Open Access Open Badges Research article

Metabolic phenotype of methylmalonic acidemia in mice and humans: the role of skeletal muscle

Randy J Chandler1, Jennifer Sloan1, Hong Fu2, Matthew Tsai1, Sally Stabler3, Robert Allen3, Klaus H Kaestner2, Haig H Kazazian2 and Charles P Venditti1*

Author Affiliations

1 Genetic Diseases Research Branch, National Human Genome Research Institute, National Institutes of Health, Bethesda MD 20892 USA

2 Department of Genetics, University of Pennsylvania School of Medicine, Philadelphia, PA 19114, USA

3 Department of Medicine, University of Colorado School of Medicine, Denver CO 80206, USA

For all author emails, please log on.

BMC Medical Genetics 2007, 8:64  doi:10.1186/1471-2350-8-64

Published: 15 October 2007



Mutations in methylmalonyl-CoA mutase cause methylmalonic acidemia, a common organic aciduria. Current treatment regimens rely on dietary management and, in severely affected patients, liver or combined liver-kidney transplantation. For undetermined reasons, transplantation does not correct the biochemical phenotype.


To study the metabolic disturbances seen in this disorder, we have created a murine model with a null allele at the methylmalonyl-CoA mutase locus and correlated the results observed in the knock-out mice to patient data. To gain insight into the origin and magnitude of methylmalonic acid (MMA) production in humans with methylmalonyl-CoA mutase deficiency, we evaluated two methylmalonic acidemia patients who had received different variants of combined liver-kidney transplants, one with a complete liver replacement-kidney transplant and the other with an auxiliary liver graft-kidney transplant, and compared their metabolite production to four untransplanted patients with intact renal function.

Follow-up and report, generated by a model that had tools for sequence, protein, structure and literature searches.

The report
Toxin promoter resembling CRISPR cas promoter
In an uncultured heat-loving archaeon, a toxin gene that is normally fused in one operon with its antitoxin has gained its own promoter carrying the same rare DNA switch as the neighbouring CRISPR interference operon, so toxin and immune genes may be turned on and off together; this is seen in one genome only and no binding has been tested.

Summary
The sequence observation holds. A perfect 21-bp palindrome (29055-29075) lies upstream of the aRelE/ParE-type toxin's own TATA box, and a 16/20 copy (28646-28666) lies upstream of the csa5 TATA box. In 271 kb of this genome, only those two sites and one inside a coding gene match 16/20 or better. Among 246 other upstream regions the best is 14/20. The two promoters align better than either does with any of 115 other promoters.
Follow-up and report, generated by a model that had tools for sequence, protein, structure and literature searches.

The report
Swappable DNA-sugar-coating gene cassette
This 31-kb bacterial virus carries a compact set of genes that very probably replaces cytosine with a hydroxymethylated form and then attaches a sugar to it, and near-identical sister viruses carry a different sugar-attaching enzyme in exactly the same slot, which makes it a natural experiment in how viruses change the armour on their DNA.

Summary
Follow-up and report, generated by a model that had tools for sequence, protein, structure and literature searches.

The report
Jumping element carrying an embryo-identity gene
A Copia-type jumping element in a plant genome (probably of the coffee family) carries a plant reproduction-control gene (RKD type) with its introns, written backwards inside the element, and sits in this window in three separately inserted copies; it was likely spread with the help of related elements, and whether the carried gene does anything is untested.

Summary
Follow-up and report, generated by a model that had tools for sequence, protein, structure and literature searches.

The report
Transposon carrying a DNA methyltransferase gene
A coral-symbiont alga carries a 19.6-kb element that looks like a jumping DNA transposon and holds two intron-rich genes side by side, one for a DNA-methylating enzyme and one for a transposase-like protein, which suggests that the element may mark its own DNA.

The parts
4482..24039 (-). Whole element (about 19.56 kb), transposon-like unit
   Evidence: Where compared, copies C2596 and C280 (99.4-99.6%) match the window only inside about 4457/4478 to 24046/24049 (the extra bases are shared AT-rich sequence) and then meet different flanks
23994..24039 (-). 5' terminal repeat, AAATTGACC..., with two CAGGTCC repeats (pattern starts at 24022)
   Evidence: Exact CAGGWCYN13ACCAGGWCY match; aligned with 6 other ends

Enzymatic, Western and Northern analyses demonstrated that the targeted allele was null and correctable by lentiviral complementation. Metabolite studies defined the magnitude and tempo of plasma MMA concentrations in the mice. Before a fatal metabolic crisis developed in the first 24–48 hours, the methylmalonic acid content per gram wet-weight was massively elevated in the skeletal muscle as well as the kidneys, liver and brain. Near the end of life, extreme elevations in tissue MMA were present primarily in the liver. The transplant patients studied when well and on dietary therapy, displayed massive elevations of MMA in the plasma and urine, comparable to the levels seen in the untransplanted patients with similar enzymatic phenotypes and dietary regimens.


The combined observations from the murine metabolite studies and patient investigations indicate that during homeostasis, a large portion of circulating MMA has an extra-heptorenal origin and likely derives from the skeletal muscle. Our studies suggest that modulating skeletal muscle metabolism may represent a strategy to increase metabolic capacity in methylmalonic acidemia as well as other organic acidurias. This mouse model will be useful for further investigations exploring disease mechanisms and therapeutic interventions in methylmalonic acidemia, a devastating disorder of intermediary metabolism.